The poor woman (according to the article) didn't blame the constable who was just doing his job. No, the villains in this story were the unscrupulous lenders who talked these people into buying a $500,000 home when they (the buyers) kept telling them they couldn't afford it.
For just one moment, my sympathies were turned toward this woman. "But wait a minute." I said to myself "is there more to this story?" And, of course, there was. This woman, with a heart condition who wasn't employed, and her husband who earned $39,000 a year bought a $500,000 home on which mortgage payments were $4,500 per month. Now, I'm not a math genius, but it didn't take me but a minute to see that there was something wrong with this picture. When the buyers said they couldn't make that kind of payment, the lenders said not to worry that in six months they could refinance and the payments at 10.5% interest would be lowered. And the payments were lowered, to $3,800 per month. Oh! Oh!
The constables said that when they came to evict the family from this five bedroom, three and one half bath home, they found lovely plush carpeting, like new furniture and the family firmly ensconced in their lair.
When my husband made $39,000 a year we lived in a four bedroom cape cod ( and, oh yes, we still do) that cost us $23,000 and we didn't have anything new in our home. This morning as I washed my hands with liquid soap from the dispenser, I recalled how I wanted to buy liquid soap for my bathroom like some of my friends, but decided we couldn't afford it.
So here I am ranting. This woman in the newspaper thinks, that by some miracle, their home will be saved. She really thinks they are going to move back into their home and live happily ever after. And I say, "I don't want to pay for this." Sure there are unscrupulous lenders, no one denies that. Sure, people were led astray and the housing market is largely responsible for the economic problems of today. And, sure there are some people who legitimately should be helped to stay in their homes. But I ask you, "Where were their brains? Where was the common sense that should tell you that if you make $39,000 a year, have only $50,000 in savings (which you plunk down as a down payment), you cannot afford a house that is valued at half a million dollars?" It totally baffles me.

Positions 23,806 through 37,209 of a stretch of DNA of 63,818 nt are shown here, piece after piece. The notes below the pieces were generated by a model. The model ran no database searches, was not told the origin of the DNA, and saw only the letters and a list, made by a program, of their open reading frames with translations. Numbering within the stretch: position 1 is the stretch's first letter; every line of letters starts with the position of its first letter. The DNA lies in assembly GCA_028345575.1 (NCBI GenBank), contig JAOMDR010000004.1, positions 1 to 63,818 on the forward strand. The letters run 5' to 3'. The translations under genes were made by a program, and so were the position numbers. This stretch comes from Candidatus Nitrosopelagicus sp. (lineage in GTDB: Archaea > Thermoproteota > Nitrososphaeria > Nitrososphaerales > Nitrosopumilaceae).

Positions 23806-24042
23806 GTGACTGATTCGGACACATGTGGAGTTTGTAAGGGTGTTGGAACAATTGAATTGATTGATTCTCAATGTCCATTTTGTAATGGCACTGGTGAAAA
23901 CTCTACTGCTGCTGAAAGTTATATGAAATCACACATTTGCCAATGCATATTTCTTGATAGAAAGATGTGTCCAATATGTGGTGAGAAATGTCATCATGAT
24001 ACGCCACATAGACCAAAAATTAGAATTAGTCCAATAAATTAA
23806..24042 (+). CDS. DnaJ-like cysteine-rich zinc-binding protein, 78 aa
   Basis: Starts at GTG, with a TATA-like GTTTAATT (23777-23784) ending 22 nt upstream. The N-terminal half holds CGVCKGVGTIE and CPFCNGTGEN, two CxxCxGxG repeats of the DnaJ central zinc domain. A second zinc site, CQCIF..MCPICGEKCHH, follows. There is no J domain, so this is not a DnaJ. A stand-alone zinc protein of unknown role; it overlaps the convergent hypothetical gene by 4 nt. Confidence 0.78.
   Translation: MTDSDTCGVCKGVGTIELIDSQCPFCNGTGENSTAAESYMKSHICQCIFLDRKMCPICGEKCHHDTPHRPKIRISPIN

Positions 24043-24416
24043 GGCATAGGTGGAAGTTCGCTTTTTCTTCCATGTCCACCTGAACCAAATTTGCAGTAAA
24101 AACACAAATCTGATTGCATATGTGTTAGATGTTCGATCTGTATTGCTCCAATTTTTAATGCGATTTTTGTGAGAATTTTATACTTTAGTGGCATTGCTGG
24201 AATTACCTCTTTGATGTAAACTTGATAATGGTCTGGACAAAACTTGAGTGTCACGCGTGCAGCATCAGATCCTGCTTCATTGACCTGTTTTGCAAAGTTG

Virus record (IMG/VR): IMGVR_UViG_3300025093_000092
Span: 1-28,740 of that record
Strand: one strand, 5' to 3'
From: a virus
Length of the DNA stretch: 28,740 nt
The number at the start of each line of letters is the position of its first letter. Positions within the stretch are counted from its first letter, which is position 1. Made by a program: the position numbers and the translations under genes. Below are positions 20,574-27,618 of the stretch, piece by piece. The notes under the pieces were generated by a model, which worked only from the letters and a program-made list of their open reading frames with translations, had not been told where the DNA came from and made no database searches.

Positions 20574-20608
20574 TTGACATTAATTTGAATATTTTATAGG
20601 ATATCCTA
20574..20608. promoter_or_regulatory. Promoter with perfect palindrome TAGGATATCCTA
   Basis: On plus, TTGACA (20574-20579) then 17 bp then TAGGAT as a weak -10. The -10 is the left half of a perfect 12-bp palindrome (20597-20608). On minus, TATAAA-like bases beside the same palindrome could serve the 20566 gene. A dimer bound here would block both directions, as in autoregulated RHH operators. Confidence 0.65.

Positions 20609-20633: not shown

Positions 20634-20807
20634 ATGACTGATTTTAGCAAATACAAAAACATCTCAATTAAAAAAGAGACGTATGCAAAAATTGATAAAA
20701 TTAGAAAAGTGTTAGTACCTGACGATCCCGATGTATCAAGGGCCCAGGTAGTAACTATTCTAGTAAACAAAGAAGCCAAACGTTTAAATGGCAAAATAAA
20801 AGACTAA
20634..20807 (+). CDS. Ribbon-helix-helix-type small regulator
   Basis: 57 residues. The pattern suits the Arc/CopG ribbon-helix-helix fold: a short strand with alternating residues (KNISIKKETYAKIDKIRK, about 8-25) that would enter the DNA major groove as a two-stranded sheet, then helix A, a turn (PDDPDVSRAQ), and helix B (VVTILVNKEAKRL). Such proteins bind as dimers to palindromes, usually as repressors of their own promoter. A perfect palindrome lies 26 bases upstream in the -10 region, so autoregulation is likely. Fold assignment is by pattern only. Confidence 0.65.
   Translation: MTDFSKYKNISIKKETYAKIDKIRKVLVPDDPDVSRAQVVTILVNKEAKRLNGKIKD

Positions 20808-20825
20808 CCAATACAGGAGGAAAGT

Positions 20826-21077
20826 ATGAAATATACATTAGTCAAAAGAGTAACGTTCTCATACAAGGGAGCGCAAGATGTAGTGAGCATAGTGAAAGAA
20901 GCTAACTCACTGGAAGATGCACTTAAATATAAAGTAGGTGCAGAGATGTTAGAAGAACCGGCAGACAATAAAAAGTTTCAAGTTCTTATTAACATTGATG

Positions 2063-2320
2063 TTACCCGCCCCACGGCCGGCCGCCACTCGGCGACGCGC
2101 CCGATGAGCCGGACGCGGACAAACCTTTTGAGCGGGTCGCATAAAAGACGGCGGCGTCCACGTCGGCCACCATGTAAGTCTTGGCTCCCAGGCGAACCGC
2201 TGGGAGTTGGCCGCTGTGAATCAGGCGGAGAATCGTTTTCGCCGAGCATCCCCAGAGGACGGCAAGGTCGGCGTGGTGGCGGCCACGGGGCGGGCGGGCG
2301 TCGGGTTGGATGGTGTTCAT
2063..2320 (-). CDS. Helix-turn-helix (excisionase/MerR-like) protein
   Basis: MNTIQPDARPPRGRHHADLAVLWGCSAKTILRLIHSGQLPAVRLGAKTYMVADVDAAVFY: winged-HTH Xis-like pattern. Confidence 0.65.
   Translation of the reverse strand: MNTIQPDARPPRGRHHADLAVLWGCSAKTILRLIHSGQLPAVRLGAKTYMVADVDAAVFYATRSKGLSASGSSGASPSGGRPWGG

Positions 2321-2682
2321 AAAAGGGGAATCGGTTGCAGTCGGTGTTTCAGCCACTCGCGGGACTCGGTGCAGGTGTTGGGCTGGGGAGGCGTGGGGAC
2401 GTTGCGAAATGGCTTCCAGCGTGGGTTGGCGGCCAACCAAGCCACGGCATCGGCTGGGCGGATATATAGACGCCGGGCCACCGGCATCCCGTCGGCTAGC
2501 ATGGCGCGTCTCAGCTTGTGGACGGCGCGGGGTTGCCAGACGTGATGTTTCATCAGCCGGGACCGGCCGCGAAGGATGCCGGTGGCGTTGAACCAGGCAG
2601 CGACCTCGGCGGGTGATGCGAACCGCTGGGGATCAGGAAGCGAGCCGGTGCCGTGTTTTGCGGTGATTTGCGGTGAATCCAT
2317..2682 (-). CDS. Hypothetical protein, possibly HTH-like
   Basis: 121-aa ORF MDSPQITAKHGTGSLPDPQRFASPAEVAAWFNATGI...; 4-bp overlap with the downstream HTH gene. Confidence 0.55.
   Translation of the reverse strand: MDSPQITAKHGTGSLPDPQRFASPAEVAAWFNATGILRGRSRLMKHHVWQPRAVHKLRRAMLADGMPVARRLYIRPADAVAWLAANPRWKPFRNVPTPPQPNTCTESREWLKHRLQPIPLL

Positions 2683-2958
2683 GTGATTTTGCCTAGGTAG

On a lighter and happier note, only two more sleeps until Linda and Jason get here. We talked to them yesterday afternoon and we are all so excited. We have a long list of things we want to do which will definitely have to be pared down. Some of the things we are planning are:
We have tickets for this Cirque du Soleil show. This is the show our son in law, Brian, works for. Jim and I have seen the show twice and are awed all over again each time we see it.
Also, Jim and I drove to the strip on Saturday and went to the Pallazo to pick up tickets for Jersey Boys. Linda and I are particularly smitten with these guys (the original 4 Seasons, that is) and their music. Jim and I have adopted their You're Just Too Good To Be True as our song as it was popular the summer we got married. So, you can see, we are really looking forward to the upcoming entertainment.
I do so love being here in Henderson, enjoying seeing Brian and Gretchen, basking in the warmth and enjoying the beautiful clear skies, but I miss my gal pals from NY. Linda's coming is a real boost for me. I can hardly wait.
Hope everyone is having a wonderful Monday and looking forward to a good week. Let's all join Cheryl in performing acts of kindness every day.